Ficus parietalis Blume, Bijdr. (1825)

Latin for 'like a brick-wall', referring to the tertiary venation of the leaves.

Ficus cerasiformis Desf.
Ficus concentrica Hassk. ex Miq.
Ficus grandifolia Wall. ex Miq.
Ficus junghuhniana Miq.
Ficus parietalis var. angustifolia Miq.
Ficus parietalis var. ovalis Blume
Ficus parietalis var. rufipila (Miq.) Miq.
Ficus parietalis var. tabing (Miq.) Miq.
Ficus phlebophylla Miq.
Ficus rufipila Miq.
Ficus tabing Miq.

Understorey tree (strangler) up to 12 m tall and 35 cm dbh. Stem with white sap. Stipules ca. 6 mm long, hairy. Leaves alternate, simple, tripli-veined, venation very pronounced, hairy below. Fruits ca. 13 mm diameter, yellow-orange-red, globose figs placed along the twigs.

Dioecious climber. Twigs yellowish, angled, youngest reddish brown hairy. Stipules lanceolate, c. 0.5 cm long, reddish brown hairy, caducous. Leaves glabrous above, rough hairy below; oblong or elliptic, 9-28 x 3.8-10 cm, base cuneate, margin entire, plane, apex acuminate, acumen 1 cm long or more; midrib sunken above; lateral veins 4-5 pairs, steeply ascending, raised below, sunken above, basal pair reaching more than 1/2 the length of the blade; intercostal venation scalariform, raised below, faint above; petiole 0.5-1.5 cm long, sparsely hairy. Syconia solitary, axillary, ripening orange, rough hairy, globose, 0.7-1.3 cm diameter, without basal bracts; peduncle 1-1.5 cm long. [from Tree Flora of Sabah and Sarawak]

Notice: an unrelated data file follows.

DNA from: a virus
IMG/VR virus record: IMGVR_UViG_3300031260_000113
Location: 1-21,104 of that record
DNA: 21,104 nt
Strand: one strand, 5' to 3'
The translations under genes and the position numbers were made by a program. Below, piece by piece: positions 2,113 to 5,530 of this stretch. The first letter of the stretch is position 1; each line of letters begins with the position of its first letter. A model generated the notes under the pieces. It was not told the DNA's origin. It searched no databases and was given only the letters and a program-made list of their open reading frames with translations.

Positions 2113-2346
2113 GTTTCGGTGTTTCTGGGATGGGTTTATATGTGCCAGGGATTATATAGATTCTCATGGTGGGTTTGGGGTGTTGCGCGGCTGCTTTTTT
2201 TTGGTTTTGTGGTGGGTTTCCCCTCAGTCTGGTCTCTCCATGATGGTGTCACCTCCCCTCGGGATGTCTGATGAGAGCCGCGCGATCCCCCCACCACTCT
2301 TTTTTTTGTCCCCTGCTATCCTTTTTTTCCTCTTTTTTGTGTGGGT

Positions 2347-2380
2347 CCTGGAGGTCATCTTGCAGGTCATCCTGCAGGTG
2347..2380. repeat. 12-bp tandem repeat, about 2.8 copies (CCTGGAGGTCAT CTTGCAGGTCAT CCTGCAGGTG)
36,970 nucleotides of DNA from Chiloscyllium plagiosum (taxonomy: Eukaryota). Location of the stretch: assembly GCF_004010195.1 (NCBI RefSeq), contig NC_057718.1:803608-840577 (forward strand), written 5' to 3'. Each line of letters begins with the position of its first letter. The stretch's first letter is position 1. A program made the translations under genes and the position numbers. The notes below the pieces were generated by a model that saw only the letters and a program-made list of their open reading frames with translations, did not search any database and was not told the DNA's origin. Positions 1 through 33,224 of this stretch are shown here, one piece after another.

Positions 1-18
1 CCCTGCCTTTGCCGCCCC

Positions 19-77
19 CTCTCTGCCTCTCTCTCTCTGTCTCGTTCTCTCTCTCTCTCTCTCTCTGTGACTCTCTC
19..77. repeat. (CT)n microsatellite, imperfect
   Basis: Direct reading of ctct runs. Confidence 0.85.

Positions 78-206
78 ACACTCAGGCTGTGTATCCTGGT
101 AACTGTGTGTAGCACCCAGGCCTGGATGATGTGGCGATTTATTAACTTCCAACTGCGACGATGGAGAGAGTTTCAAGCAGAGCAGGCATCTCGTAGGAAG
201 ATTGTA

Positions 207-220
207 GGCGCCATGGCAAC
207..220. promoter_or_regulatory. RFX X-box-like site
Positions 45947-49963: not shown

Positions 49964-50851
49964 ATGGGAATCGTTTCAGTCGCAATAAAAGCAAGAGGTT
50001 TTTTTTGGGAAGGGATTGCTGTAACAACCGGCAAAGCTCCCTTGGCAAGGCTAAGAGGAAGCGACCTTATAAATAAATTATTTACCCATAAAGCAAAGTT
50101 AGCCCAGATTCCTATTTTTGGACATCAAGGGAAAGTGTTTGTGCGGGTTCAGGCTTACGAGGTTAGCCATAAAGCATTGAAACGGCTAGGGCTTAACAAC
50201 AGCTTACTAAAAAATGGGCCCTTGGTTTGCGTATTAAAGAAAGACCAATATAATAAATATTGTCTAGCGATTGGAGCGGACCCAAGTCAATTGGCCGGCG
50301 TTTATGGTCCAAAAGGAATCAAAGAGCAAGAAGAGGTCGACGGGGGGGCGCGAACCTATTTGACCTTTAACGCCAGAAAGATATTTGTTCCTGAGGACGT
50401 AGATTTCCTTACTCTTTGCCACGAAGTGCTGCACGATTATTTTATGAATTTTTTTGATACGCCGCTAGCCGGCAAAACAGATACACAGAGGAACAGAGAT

In disturbed to undisturbed (open) mixed dipterocarp, peat swamp forests, and sub-montane forests up to 1500 m altitude. Usually along rivers and streams on sandy soils.

The fruits are edible. A decoction of the roots is used to treat stomach-ache.

Indo-China, Thailand, Peninsular Malaysia, Sumatra, Java, Borneo, Philippines, Moluccas.

Local names
Borneo: Buah punok.
Indonesia: pelas kebo, seprah (Javanese).
Malaysia: ara kesinai, ara landang puteh, sepedeh (Peninsular).
Thailand: ma hai (Chiang Mai), maduea khon (Nakhon Si Thammarat).